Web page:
There’s been a lot of attention to the growing role of philanthropy in education—from Gates to hedge fund supporters of charter schools. This too will probably get a further boost. The leverage of private donors will increase as, more and more, they serve as the only source of money for innovation and change. Even though philanthropies contribute a far smaller piece of the pie than public funding for education, they provide discretionary money. Local stakeholders are willing to take the lead from private donors: when the pantry is bare, someone coming to the door with a cup of sugar looks pretty good. And if the stock market growth and long term trends of wealth inequality continue there may even be more money out there in the private sector.
So that would imply an even greater emphasis on charter school development, wouldn’t it? Because charters have really been embraced by many foundations and private philanthropists?
Yes. While there are many Democrats who support charters, Republicans are more likely to focus on them as representing a market-oriented alternative to government bureaucracies. Charters cost money, though, and some Republican states may be caught between their desire to expand charters and their desire to contain costs – but that’s where philanthropy could step in. So in general, yes, the election will probably provide a fertile ground for charters.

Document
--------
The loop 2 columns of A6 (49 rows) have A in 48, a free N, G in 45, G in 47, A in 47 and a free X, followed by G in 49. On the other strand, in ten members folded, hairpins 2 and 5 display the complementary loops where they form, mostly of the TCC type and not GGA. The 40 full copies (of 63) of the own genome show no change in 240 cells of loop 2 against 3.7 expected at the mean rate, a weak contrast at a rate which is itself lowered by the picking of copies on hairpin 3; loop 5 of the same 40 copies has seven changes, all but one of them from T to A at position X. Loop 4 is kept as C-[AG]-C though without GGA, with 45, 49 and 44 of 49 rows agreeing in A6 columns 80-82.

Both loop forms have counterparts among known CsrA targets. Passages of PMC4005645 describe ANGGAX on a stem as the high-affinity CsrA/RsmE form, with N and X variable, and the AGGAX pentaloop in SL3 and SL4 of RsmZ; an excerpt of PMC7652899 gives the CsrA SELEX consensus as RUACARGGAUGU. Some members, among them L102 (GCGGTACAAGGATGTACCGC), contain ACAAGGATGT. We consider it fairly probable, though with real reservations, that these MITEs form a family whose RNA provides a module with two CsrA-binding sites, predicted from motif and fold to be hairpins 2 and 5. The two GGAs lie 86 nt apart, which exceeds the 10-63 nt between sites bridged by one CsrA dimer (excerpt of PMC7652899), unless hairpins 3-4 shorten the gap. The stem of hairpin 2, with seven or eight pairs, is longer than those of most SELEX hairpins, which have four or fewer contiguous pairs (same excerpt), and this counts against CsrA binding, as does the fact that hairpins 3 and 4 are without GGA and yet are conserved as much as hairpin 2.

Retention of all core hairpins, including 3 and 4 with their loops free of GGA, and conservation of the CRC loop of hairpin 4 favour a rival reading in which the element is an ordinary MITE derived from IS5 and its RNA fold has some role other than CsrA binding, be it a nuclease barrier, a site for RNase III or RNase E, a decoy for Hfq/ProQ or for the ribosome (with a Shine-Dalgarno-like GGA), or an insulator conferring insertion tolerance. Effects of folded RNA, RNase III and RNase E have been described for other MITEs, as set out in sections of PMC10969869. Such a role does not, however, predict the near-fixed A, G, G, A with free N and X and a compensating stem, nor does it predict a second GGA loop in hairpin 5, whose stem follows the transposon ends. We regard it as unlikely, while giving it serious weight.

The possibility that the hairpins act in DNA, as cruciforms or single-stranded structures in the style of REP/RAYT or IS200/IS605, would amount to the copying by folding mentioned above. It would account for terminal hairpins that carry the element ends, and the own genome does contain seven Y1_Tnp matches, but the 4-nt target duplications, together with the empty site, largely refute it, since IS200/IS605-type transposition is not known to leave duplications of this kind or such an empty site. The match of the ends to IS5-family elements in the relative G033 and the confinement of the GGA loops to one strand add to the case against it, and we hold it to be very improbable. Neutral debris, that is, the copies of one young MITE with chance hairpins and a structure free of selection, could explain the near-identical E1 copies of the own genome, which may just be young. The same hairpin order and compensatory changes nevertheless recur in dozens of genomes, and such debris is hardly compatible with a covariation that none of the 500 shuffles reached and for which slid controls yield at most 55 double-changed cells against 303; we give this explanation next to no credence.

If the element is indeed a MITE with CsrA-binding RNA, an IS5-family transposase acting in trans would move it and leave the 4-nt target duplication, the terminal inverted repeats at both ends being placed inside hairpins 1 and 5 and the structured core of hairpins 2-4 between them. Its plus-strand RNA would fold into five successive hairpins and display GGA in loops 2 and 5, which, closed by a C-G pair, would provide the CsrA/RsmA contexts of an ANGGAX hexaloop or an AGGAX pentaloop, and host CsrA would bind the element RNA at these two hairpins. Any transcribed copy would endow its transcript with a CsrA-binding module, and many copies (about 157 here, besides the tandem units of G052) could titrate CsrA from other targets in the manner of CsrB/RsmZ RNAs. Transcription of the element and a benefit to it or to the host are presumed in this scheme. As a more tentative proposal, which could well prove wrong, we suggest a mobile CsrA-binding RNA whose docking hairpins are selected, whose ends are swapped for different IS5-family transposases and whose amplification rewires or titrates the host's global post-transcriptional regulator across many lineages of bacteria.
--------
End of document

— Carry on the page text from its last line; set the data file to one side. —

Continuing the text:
How might the election results affect high-stakes testing?
The testing industry is pretty big and powerful. And it provides campaign support and other benefits to both Republicans and Democrats. And while many Republicans don’t like costs associated with testing, or the federal role in testing, they do like holding districts accountable. So despite the fact that many educators and parents have complained that off-the-shelf tests do not provide sufficiently rich and useful information about whether and how students are learning., states may opt to go with cheaper, lower-quality tests.
One New York-centric question: The election results come on the heels of Mayor de Blasio’s announcement of a $150 million plan to convert failing schools into community schools. Chicago, Cincinnati and some other cities have also embraced community schools, and some proponents have argued that by providing wrap-around services to children and families, these schools can actually save money in the long run. So will community schools become a casualty of this election, or an approach taken up by cities in a more cost-conscious environment?
Those who present community schools as a cost-saving mechanism argue that you get more bang for the buck if you coordinate funds that are currently going into separate bureaucratic silos. But without new dollars we won’t get the kind of robust community schools that would really make a difference.
So, yes – cost-efficiency may well become a strategy for selling community schools in this political climate, but that could come back to bite us. My premise is that to address deep areas of concentrated poverty, you need to do more than coordinate funding. You’ve got to actively invest. So I’m skeptical that simple coordination and focus will get the job done.
--Interview conducted and edited by Joe Levine
The views expressed in the previous article are solely those of the speakers to whom they are attributed. They do not necessarily reflect the views of the faculty, administration, or staff either of Teachers College or of Columbia University.
Published Thursday, Nov. 6, 2014